Since 2003, the BBC has run an enlightening and totally fascinating program called The Private Life of a Masterpiece. Each 40-minute installment of that show uses a combination of talking head experts, impeccable research and deep photography to examine a single great work of art, say Da Vinci's Mona Lisa or Rodin's sculpture The Thinker. The programs delve into the artists' lives and how their particular masterpiece reflects on their other work and that of their contemporaries. That aspect in itself is pretty wonderfully done, even if some of the info presented isn't especially surprising (Whistler's mother was a sanctimonious old biddy? You don't say!). The show really excels, however, when it gets into the story of what happened with these masterpieces after their creators passed on. Detailing the way these pieces wind up being coveted, stolen, vandalized, auctioned off for obscene sums, and reproduced on millions of coffee mugs ironically reveals a lot about how us humans interact with great art.
Which brings me to Great Artists with Tim Marlow. This show shares a few similarities with The Private Life of a Masterpiece: both shows hail from the U.K., they both date from the early '00s (these episodes aired in 2001), and of course both share the canon of great European art from the Renaissance up through the late 19th century as their main subject. Marlow's program takes on a more educational angle than Private Life, with each episode recounting a single great artist's life from birth to death within a somewhat brief (25 minute) framework. Although it lacks the cheeky humor and historical insight of the other program, it's still a worthwhile view for those who already have an interest in art history. For everybody else, check out The Private Life of a Masterpiece. Go ahead, you won't be disappointed.
Great Artists stays true to its name by building the program around its host and presenter, British TV personality Tim Marlow. Normally this would make me a bit leery, but the affable Marlow serves as a knowledgeable guide who illuminates but never upstages the magnificent artwork he's chatting about. Each episode follows Marlow as he journeys to the various cities in which the artists lived. When he goes into detail on specific works of art, he is right there in front of the piece demonstrating its significance - like the world's heppest art teacher. Like the Private Life programs, the camerawork gets extremely up close with the art, often revealing details and textures that one normally wouldn't be able to see (even in a museum).
Marlow's scripts are casual and informative, if tending towards the scholarly. If there's one flaw with Marlow, it's that he tends to fixate on recurring themes in certain artists' work, such as the sensuality in Michelangelo's painting and sculpture. The straightforward approach he takes is probably better suited for the classroom, but the luscious photography can be appreciated by everyone. On-location footage of modern day European cities like Venice and Delft, many of which haven't changed much in centuries, add considerably to the look and feel of the show. The new footage sometimes creates an unfortunate juxtaposition, such as when Marlow speaks of Raphael's consorting with prostitutes while unsuspecting female tourists are seen walking about. For the most part it serves as an enticing travelogue, however.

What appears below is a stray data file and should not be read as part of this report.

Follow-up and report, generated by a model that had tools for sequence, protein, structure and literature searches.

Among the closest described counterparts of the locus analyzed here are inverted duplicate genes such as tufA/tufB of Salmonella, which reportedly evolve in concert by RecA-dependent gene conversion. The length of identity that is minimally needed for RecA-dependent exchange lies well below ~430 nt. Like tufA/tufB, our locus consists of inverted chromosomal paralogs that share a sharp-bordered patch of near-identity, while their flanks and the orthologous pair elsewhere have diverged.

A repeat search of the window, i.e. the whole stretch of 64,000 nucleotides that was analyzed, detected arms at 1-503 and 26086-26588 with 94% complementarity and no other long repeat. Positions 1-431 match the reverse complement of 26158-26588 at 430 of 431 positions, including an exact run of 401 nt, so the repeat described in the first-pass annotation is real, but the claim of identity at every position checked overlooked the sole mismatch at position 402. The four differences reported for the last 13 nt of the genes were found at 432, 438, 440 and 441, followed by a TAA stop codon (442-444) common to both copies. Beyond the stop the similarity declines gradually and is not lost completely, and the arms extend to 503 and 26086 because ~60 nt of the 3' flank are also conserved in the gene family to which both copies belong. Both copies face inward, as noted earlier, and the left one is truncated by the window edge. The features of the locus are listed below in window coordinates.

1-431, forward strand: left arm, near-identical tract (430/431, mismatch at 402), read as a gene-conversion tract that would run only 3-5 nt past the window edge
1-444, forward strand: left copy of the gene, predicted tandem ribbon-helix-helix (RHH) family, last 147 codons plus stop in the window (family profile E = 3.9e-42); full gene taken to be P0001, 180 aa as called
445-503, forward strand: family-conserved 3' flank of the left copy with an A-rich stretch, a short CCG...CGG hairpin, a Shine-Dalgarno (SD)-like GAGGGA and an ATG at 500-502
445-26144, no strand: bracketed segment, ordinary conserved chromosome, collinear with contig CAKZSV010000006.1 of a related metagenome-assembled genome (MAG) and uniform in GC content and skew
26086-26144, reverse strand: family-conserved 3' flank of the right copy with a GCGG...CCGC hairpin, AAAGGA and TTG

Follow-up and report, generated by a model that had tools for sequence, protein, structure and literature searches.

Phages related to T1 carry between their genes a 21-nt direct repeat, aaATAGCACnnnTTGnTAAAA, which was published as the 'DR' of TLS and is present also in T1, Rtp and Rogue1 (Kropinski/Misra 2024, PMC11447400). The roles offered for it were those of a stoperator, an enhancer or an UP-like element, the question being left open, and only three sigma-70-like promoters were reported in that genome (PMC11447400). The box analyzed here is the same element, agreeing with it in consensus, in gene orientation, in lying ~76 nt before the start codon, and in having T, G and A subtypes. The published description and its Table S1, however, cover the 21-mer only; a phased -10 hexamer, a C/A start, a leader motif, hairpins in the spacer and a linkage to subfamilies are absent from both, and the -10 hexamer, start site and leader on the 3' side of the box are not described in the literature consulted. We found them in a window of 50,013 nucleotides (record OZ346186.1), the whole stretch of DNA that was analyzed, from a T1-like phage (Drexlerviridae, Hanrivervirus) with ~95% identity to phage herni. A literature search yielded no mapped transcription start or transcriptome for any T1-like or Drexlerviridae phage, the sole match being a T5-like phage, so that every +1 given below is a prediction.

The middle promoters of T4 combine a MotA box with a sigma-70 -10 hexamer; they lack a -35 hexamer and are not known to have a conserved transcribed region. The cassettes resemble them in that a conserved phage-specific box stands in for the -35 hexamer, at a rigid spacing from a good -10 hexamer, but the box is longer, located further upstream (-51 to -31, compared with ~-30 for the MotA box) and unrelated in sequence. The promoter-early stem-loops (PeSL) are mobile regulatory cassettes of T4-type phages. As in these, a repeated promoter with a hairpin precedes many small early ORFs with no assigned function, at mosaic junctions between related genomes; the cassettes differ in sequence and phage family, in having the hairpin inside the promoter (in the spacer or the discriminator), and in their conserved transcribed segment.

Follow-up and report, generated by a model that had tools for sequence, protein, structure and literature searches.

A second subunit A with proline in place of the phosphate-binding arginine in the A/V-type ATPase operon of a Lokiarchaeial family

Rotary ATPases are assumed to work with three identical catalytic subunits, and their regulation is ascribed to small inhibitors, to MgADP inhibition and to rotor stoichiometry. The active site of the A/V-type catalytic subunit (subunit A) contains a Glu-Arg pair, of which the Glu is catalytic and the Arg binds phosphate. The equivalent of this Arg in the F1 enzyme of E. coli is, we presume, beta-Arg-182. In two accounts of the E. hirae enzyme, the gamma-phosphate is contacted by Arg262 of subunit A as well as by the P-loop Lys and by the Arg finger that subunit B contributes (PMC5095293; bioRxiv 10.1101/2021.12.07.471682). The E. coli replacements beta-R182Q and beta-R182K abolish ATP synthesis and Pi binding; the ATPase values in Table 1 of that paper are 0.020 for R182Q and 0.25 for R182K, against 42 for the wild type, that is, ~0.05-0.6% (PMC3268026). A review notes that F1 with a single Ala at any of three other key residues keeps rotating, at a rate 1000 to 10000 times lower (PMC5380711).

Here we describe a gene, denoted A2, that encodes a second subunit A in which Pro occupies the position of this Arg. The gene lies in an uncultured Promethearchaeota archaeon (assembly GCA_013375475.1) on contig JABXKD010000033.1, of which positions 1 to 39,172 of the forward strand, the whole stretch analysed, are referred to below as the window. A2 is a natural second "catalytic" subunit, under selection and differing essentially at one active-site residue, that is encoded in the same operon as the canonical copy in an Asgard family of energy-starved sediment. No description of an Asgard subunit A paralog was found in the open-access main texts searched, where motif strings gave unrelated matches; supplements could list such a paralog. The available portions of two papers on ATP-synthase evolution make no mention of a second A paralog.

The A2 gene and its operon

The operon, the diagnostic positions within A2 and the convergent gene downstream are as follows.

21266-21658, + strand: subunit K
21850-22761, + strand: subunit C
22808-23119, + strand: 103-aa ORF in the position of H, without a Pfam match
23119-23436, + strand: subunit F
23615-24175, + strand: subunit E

Since each episode is less than a half hour long, the programs jump through an artist's life and work in record time. The show itself actually benefits from a relaxed, breezy tone, though - and Marlow's cheery enthusiasm about the art is infectious.
Seventh Art has packaged Great Artists with Tim Marlow in two separate volumes of two DVDs each. The 14 episodes that comprise Series One are presented as full 25-minute long installments with no chapter breaks:
Disc One - Giotto, Leonardo da Vinci, Albrecht Dürer, Michelangelo, Raphael, Titian, Pieter Bruegel the Elder.
Disc Two - El Greco, Peter Paul Rubens, Diego Velásquez, Rembrandt van Rijn, Johannes Vermeer, J. M. W. Turner, Vincent Van Gogh.
Great Artists Series One has a single, clean stereo soundtrack mixed in a straightforward manner with a nice balance between narration, ambient speaking and background music. No subtitle options are provided.
The 14:9 image is presented slightly letterboxed in full screen mode. The lack of anamorphic widescreen is a bummer, but the image itself boasts a clean and richly shaded picture.
This dryly informative edition of Great Artists with Tim Marlow proves itself as no The Private Life of a Masterpiece (I hate to dwell on it, but that truly is the Gold Standard of art history documentaries). Its affable host and easygoing pace make it an entertaining bet for art history novices and experts alike, however. Recommended.